The Beautiful Truth about Evangelism

When I was in college at Texas A&M, once a semester a certain Tom Short would visit campus. Mr. Short travels from university campus to campus, attempting to evangelize.

A close friend and I would skip class to watch –and argue with–him. You see, he offended me. Not because he’s an evangelist, but because he spread a message too filled with fear, shame and condemnation to represent the Gospel. Once, after standing amongst the gathered crowd and going back and forth with Mr. Short for several minutes about what I perceived to be problems with his idea of God, a fellow student approached me and handed me a flyer for an atheist and agnostic student club. When I told the guy that I was a Christian, but that I didn’t believe that the visiting evangelist was doing a good job of representing what Christianity is about, he looked at me, confused. That’s what this kind of evangelism accomplishes for Christ–it turns people away by giving them an inaccurate image of our God and our faith.

A bit older and wiser, I realize now that my public protest about evangelism in the style of Mr. Short was more about self-expression and formation of personal identity than any real attempt to prevent the preacher from accomplishing his goals. There never was any need for me to speak against him, as his entire production was–as I’ll argue below–doomed by divine design. That seems a very harsh thing to say, and it is, so I hope you’ll bear with some explanation.

I don’t know whether Short’s preaching (or polemic, as was most often the case) ever caused anyone to say that he confessed Jesus Christ as his savior, but I doubt the authenticity of any such declaration (while admitting that only God knows such things). I’m not sure that fire and brimstone, accusatory evangelism has ever made a follower of Christ. Someone who confesses to be a Christian, probably, but not someone who has fallen in love with our Creator.

There’s something anemic about a theology that pressures people to make choices only to avoid hell. It reeks of predation on man’s cowardice, a use fear to coerce an admission of belief. The whole scheme is anologous to torture–give me what I want or suffer the consequences. Like torture (according to recent studies), the practice at best goads people to say anything to avoid suffering–in this case, eternally, we are told. Even secular values would condemn the person who confesses a certain belief (or who abandons a previously-confessed ideology) just to avoid punishment. So why does anyone think that threats are a viable way to share the Gospel truth?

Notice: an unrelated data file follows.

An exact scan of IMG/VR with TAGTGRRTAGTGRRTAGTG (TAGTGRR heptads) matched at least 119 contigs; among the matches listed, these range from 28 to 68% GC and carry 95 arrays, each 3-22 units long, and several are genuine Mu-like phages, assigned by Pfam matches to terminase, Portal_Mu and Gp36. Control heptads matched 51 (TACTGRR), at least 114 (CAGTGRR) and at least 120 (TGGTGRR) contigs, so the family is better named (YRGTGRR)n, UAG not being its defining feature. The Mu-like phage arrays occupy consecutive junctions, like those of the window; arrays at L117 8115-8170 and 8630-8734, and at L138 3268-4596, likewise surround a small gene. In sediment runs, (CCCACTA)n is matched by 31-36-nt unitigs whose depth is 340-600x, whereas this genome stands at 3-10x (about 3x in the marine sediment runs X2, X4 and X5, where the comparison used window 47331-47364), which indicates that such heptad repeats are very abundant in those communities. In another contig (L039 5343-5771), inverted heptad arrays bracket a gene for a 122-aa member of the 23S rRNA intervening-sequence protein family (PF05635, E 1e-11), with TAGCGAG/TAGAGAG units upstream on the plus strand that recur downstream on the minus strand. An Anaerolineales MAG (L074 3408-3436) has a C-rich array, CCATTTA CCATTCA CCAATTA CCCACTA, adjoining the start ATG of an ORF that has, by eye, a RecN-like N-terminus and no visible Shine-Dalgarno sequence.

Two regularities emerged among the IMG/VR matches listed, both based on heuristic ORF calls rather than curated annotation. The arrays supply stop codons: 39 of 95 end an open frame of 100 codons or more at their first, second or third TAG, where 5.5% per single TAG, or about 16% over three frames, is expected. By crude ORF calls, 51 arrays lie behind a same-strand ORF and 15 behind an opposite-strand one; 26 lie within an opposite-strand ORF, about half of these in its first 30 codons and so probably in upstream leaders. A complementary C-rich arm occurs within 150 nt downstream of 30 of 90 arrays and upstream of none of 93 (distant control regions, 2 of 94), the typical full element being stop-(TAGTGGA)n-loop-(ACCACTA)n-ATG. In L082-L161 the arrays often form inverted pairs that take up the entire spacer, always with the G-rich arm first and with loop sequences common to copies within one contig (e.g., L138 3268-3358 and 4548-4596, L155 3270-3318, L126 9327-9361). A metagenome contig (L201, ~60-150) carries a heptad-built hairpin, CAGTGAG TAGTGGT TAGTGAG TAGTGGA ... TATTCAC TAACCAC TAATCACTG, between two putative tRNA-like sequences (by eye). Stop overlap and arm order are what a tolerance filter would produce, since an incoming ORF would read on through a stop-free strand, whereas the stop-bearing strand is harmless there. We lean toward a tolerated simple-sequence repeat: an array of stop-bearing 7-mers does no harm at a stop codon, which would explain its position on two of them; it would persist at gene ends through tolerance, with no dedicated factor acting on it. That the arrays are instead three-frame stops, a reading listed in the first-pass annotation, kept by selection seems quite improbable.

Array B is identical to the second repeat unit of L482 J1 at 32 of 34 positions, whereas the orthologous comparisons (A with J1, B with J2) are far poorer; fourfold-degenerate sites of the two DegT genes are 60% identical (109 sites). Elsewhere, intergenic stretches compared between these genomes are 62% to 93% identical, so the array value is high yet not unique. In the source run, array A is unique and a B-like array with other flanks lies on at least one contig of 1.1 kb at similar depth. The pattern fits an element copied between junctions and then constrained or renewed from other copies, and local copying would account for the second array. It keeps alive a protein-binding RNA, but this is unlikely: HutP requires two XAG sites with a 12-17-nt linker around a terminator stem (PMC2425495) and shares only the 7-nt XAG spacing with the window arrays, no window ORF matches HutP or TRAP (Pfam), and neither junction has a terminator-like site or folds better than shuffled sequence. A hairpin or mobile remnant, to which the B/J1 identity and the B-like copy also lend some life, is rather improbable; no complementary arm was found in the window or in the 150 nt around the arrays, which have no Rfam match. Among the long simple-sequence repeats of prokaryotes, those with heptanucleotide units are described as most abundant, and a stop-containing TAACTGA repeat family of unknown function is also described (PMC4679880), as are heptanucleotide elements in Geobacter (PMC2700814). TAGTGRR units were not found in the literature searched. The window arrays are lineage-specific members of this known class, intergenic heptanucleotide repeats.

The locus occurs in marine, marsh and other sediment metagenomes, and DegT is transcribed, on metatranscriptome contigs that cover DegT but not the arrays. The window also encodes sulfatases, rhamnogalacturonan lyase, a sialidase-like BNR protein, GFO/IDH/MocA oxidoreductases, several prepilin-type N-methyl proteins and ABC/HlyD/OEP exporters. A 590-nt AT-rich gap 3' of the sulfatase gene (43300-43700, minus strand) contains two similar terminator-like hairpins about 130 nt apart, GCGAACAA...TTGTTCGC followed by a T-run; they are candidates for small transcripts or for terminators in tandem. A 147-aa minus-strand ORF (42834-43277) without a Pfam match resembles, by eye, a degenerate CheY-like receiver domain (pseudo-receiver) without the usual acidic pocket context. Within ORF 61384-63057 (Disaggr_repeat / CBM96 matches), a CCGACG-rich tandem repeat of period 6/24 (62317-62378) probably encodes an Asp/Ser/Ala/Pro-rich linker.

This post isn’t about man, though. It’s about God. It’s about a God so gracious that such condemnatory evangelical practices are doomed to failure. You see, a relationship with God through Jesus Christ can only be entered into voluntarily–no amount of threat or shaming can cause a person to make a choice in his heart. Again, coercion might make someone say they’ve voluntarily chosen something, but it won’t change a person’s true desires.

Here we find a poetic justice. If God is love, and God’s ultimate desire for us is to have a deep and meaningful relationship with God, then it should follow that God wants nothing to do with coercion in the establishment of the relationship. That a person may only willingly enter into that relationship demonstrates a humility on God’s part in God’s willingness to preserve our free will in the hope of a genuine relationship, one that we may never choose to pursue.

The scriptures tell us that a person comes to believe in Jesus Christ’s divinity only through the action of the Holy Spirit and not through the actions of humans. Thank God for that! I don’t want to delve too deeply into pneumatology in this post, but I’d like to summarily comment that it seems to me that the Holy Spirit makes a way for us (call it preveneient grace if you like; we Methodists do) to choose to enter into a relationship with God based on our love for God’s character and creation.

Likewise, scholars of religion and mystical experience often describe a profound spiritual experience as one that changes one’s life but is by its very nature ineffable to others. That no one can “prove” God to us safeguards the opportunity to seek God out for ourselves, makes room for belief. After all, faith is a choice to believe in things that we cannot rationally prove or disprove.

So what does that mean for true evangelism, a sharing of the Gospel that is (I think) more in line with God’s intent for us? All we can do is try to reveal the person of Jesus Christ to others: through our own actions, through our words, through our sharing of the Gospel. It is not for us to make believers–God has ensured that a believer can only make himself. To be clear, this post is not a condemnation of evangelism–far from it–but only a stand against evangelism based in anything but love for fellow man and a desire to share the great joy of knowing Christ.

This reality reminds us of God’s deep love for us.God intends a personal relationship with each of us–a relationship so unique to each of us that we can’t even even reasonably communicate it to one another. We can only bask in the awesomeness of it side by side.

Here’s the beautiful truth about evangelism: the God of love has created the universe so that only by love may God be approached by the believer. This is not a comment about sin or salvation, not a theodicy or an aspersion against the unbeliever, only a realization of the beauty of a God who will not let us be successful is using ways other than God’s to bring people into faith.

So, the next time you hear a preacher full of fire asking you where you’ll go if you die today, don’t get angry, but remember the beauty of a God who has by the very nature of existence decreed that such an ungodly approach to the Gospel will never succeed.

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